Sunday, March 27, 2011

Canadian Spectator moving to a new home?

By Alfred Burdett

Maintaining a Web server is something of a chore, beside costing a few pennies a day. The Canadian Spectator is thus contemplating moving here to Google's Blogger, where we have set up shop under title of CanSpeccy, which perhaps better expresses our modest ambition and mildly satirical bent than the august title under which we have operated heretofor.

A dubious advantage of posting with Blogger is that readers will be able to comment on the inadequacy of our humor, logic and information, with the possibility, thereby, of adding in some small measure to the sum total of human understanding.

It remains to be seen, however, whether this arrangement proves satisfactory and for the time being all posts will likely be at the first, though any that strike us as passably coherent and possibly comment-worthy will be posted at the CanSpeccy too.


  1. Kudos for all he work you have done!!

  2. Thanks Anon. for the encouragement.

    It's actually so much easier posting stuff here than on my own home-made Web pages that I can no longer conceive of going back to the original site.

  3. Good to know you can free up some time for the day work.

    "During the daytime, I work as a professional vendor of cat's meat and search for material to add to my web page only in the evenings after I have sold the last skewerful."

    "Low Plains Perspective"

  4. Yes, it's a struggle,nowadays, to make it pay, the price of horse meat being what it is.

  5. You've got some peers across the Ambassador Bridge from Windsor, here in the US.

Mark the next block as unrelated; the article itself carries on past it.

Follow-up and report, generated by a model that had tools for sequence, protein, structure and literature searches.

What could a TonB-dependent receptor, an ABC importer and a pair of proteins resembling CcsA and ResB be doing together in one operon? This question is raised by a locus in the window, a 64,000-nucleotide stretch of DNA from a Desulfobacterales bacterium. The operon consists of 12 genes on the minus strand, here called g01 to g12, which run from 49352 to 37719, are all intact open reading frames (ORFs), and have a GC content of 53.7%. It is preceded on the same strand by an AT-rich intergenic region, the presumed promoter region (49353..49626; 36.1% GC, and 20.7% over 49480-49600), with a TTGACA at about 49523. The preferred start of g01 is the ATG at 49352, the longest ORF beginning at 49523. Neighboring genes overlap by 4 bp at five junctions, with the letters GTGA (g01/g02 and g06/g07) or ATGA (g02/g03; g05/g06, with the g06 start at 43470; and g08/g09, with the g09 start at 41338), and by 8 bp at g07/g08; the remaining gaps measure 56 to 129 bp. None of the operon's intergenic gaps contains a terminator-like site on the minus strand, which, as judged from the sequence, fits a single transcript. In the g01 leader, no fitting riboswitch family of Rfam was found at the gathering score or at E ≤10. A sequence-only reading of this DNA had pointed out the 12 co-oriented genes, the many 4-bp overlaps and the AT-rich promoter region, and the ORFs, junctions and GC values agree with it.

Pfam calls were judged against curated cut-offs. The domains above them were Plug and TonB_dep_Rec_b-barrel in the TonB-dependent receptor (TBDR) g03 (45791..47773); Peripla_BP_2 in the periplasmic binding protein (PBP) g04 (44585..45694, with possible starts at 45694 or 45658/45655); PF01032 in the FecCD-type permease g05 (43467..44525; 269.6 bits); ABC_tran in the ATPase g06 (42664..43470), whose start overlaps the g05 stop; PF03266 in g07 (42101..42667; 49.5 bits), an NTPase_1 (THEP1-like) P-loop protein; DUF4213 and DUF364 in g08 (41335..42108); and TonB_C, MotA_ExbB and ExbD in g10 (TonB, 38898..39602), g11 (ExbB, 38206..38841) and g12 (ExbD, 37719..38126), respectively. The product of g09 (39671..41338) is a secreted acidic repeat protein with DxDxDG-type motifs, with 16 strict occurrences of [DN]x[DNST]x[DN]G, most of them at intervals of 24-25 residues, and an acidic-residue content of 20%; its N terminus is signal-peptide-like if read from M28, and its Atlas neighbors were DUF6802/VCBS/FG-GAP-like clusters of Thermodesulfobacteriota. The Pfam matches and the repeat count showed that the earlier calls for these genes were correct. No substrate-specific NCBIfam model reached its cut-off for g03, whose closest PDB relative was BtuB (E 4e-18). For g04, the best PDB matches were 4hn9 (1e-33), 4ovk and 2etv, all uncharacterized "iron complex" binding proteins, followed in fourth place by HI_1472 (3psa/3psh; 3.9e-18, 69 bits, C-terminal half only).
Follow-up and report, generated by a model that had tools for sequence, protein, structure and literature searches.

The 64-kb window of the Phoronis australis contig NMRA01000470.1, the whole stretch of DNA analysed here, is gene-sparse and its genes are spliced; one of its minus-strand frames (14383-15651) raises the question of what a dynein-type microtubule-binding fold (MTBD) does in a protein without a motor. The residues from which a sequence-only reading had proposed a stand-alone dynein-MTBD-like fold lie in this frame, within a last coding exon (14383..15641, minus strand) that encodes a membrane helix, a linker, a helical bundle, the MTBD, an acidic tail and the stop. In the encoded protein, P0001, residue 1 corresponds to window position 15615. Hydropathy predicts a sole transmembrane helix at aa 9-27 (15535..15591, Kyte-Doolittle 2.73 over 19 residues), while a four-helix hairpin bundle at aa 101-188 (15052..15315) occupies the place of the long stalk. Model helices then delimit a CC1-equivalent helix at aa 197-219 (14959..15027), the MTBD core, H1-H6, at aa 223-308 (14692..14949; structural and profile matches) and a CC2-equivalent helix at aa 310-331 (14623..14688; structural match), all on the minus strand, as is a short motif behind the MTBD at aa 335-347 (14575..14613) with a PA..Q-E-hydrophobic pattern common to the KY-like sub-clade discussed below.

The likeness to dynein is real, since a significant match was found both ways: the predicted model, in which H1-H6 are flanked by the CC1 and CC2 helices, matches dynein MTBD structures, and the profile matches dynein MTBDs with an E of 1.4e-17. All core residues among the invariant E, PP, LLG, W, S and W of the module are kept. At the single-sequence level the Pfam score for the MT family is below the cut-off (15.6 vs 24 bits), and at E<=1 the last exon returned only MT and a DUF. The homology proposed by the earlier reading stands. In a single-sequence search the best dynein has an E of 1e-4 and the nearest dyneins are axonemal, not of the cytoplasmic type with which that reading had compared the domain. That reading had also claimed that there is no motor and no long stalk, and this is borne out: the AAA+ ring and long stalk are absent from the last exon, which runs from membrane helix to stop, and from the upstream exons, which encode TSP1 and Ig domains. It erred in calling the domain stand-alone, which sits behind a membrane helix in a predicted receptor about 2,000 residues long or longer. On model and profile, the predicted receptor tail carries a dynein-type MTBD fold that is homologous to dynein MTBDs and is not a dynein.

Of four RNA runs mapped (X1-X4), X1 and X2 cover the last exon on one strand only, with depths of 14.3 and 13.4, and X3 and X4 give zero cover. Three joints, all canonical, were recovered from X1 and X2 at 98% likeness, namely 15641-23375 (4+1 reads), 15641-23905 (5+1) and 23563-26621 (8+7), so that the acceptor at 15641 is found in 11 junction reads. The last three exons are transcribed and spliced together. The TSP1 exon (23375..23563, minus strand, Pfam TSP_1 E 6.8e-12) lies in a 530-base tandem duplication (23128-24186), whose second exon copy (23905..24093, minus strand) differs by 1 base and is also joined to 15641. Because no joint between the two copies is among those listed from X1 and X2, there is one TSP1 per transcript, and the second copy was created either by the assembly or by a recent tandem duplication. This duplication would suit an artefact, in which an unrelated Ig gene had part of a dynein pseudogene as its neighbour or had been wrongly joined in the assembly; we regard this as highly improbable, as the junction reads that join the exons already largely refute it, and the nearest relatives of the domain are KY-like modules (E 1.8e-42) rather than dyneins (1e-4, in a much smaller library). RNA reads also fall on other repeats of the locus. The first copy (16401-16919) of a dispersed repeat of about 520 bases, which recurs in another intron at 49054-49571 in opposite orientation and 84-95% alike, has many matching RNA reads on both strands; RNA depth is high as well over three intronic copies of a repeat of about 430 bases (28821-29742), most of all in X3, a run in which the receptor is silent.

From The Detroit News:

    "A licensed hunter and furrier, Beasley says he hunts coons and rabbit and squirrel for a clientele who hail mainly from the South, where the wild critters are considered something of a delicacy.

    Though the flesh is not USDA inspected, if it is thoroughly cooked, there is small chance of contracting rabies from the meat, and distemper and Parvo cannot be passed onto humans, experts say.

    Doing for yourself, eating what's natural, that was Creation's intention, Beasley believes. He says he learned that growing up in Three Creeks, Ark."

    "Low Plains Perspective"

  6. We have plenty of coons here in British Columbia, but they're a protected species.

    A huge problem in Victoria are mule deer which can eat bushels of landscaping on a single overnight visit, but you cannot shoot them in town, and even hunting them with bow or spear is illegal. Several arrests having been made recently for illegal deer hunting.

    We have a plague of gray squirrels too, an introduced species that's not protected. But there's not much to eat on a squirrel.